Tunneling to the Center of the Earth
Thu Apr 9 2009
Time Out Ratings<strong>Rating: </strong>5/5
For years, the rumor has been that short-story collections, which rarely sell well, are on their last legs. Luckily, Kevin Wilson didn't get wind of this. If he had, he might never have penned the gorgeous, bizarre tales that make up his entertaining debut collection, Tunneling to the Center of the Earth. These 11 stories, by turns hilarious and elegiac, unfold like delicious, ripened dreams, and then abruptly explode into nightmares.
The quirky-haunting collection starts off with "Grand Stand-In," in which the narrator, Helen, works for an agency that rents out grandmothers to families who have lost their own. In "Birds in the House," a Japanese-American boy, the key to his family's fortune, watches his feuding father and uncles fold thousands of paper cranes in a contest for his grandmother's mansion. The stories have an excellent balance between recognizable moments and blazing imagination. "Mortal Kombat" captures two unpopular, nerdy high-school teens who play out their love video game--style, with horrifying, heartbreaking results. "Wynn feels Scotty's mouth against his, the roughness of how their lips meet," Wilson writes. "He kisses him back and then, without a sound, smashes his fist against Scotty's jaw."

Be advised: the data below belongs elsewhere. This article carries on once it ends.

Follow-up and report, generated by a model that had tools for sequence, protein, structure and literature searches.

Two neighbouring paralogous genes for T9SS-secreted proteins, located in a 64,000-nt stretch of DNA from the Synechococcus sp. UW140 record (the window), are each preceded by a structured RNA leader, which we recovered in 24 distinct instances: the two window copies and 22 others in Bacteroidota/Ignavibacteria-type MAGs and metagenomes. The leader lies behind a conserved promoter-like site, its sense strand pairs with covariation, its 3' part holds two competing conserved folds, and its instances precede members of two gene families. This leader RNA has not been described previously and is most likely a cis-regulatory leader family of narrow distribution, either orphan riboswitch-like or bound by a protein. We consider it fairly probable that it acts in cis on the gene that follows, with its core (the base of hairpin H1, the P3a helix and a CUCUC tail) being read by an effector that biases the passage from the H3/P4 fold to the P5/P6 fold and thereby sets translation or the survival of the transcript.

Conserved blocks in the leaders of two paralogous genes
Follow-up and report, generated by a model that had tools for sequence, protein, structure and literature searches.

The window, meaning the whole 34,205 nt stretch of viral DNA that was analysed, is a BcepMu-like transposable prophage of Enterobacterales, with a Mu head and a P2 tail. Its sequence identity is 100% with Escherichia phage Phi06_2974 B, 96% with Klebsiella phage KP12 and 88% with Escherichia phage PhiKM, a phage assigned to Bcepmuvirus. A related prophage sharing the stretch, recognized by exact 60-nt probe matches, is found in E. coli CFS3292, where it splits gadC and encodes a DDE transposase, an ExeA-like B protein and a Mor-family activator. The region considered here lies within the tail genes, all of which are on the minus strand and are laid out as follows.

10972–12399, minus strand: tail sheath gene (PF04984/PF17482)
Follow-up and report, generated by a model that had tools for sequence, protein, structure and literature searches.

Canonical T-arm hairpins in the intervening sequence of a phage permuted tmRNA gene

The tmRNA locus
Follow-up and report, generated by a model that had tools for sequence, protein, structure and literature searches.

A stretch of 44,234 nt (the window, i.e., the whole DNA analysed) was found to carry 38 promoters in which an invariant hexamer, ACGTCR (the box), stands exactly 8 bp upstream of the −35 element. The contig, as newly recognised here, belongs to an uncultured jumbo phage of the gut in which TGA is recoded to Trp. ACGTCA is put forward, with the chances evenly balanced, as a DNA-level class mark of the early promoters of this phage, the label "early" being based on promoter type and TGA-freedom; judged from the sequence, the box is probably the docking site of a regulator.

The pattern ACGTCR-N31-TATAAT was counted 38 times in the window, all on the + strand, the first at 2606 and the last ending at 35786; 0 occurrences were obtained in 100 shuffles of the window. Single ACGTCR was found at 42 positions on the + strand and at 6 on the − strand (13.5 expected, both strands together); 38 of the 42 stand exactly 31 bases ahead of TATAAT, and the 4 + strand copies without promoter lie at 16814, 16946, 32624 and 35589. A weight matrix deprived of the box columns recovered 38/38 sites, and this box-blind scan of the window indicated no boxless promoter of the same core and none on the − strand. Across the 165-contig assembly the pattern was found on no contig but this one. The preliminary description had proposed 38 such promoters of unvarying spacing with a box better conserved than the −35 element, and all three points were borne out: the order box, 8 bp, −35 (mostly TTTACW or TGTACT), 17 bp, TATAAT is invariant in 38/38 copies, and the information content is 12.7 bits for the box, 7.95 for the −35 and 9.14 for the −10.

Wilson does a spectacular job of maneuvering between voices and worlds, and in the process delivers a wide, convincingly erratic range of human emotion. To write such masterful stories takes a graceful eye, and, even more, a compassionate heart. Wilson has both. His disturbing, moving tales burrow their way under our skin and stay there.—David Levinson
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